More men than ever before are booking spa appointments, buying skin care products and “manscaping.” Now, experts say there’s been a surge in the number of men between 40 and 70 years old who are making their way into the dermatologist’s office for cosmetic treatments, too.
In fact, men underwent more than one million non-surgical treatments such as Botox, photo rejuvenation and fat reduction in 2014, a report from the American Society for Aesthetic Plastic Surgery found. Plus, the number of cosmetic treatments for men increased 273 percent since 1997.
According to Dr. Ellen Marmur, a board-certified dermatologist based in New York City, out of more than 17,000 of her patients, the top ten who spend the most are men who have regular cosmetics treatments.
When undergoing cosmetic procedures, some women don’t want their husbands to know and some are worried about what others will think or about looking unnatural. For men, the worry seems to be more about side effects— and less about what their wives think.
“Their wives are psyched— half the time it’s their wives who sent them in,” Marmur, who is also an associate clinical professor in the department of dermatology and the department of genetics and genomic research at the Icahn School of Medicine at Mount Sinai in New York City, said.
A stronger jawline and job security
Just as many women search for the eternal fountain of youth, a large group of men who opt for cosmetic treatments are executives who see it as a necessity to keep their edge.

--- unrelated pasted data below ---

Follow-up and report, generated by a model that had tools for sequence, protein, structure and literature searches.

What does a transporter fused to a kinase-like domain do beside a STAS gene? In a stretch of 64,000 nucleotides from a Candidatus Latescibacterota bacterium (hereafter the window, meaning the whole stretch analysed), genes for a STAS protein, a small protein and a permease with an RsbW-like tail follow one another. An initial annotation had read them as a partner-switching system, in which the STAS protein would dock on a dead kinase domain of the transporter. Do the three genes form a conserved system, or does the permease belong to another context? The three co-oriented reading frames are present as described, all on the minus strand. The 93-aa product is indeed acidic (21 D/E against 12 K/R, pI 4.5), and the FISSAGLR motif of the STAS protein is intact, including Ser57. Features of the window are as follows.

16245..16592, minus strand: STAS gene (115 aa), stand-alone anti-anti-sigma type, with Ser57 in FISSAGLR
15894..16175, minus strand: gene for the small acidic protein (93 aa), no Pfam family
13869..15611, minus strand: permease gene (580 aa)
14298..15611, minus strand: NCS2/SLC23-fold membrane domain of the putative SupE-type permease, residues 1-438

“Men do things to look better because they’re competing in a younger job market,” said Dr. Doris Day, a board-certified dermatologist in New York City and author of “Forget the Facelift: Turn Back the Clock with Dr. Day’s Revolutionary Four-Step Program for Ageless Skin.”
Fathers of the brides are another group interested in enhancing their looks, spurred on by their wives and the cost built into the wedding budget.
What’s more, because there are many new minimally or non-invasive treatments that don’t leave scars, it’s a more attractive option for men, Day said.
Botox and fillers and rejuvenation, oh my!
Typically, a woman may have several appointments to make subtle treatments. Men, however, usually get treatments less frequently, but accomplish more each time. Marmur calls it the “executive approach,” fillers, a skin tightening treatment and Botox once a year. Then every six months, Botox again; women typically come back every three to four months when it wears off.
“The aesthetics of rejuvenation is very different for men than for women,” Day said.
Instead of a completely wrinkle-free look, treatments can tighten and give a lift so men will look masculine. Fillers can square off the jaw line, build out the chin and reduce the jowls.
“That gives them a much stronger, powerful, confident look,” she said.
Treatments for sun damage, brown spots and fat reduction in the torso and chin are also popular, as are those that help healthy, but gaunt, men look good.
“We can re-balance and give them back volume in a very masculine, healthy, natural and handsome way without making them look ‘done,’” Day said.
What you should know
If you’re thinking about having a cosmetic treatment, here are some things to consider.
• Talk to your doctor about any medications and supplements you’re taking, especially aspirin, fish oil and vitamin E, which can lead to bruising.
• Be sure to ask about the side effects and risks of any treatment. Find a trained and qualified aesthetic dermatologist. If you don’t feel comfortable with him or her, get a second opinion.
• Don’t drink more than a half glass of alcohol the night before, to prevent bleeding.
• Build in time for numbing creams or Valium to wear off. Be prepared to take a few days off from work because even non-invasive cosmetic treatments can require some downtime.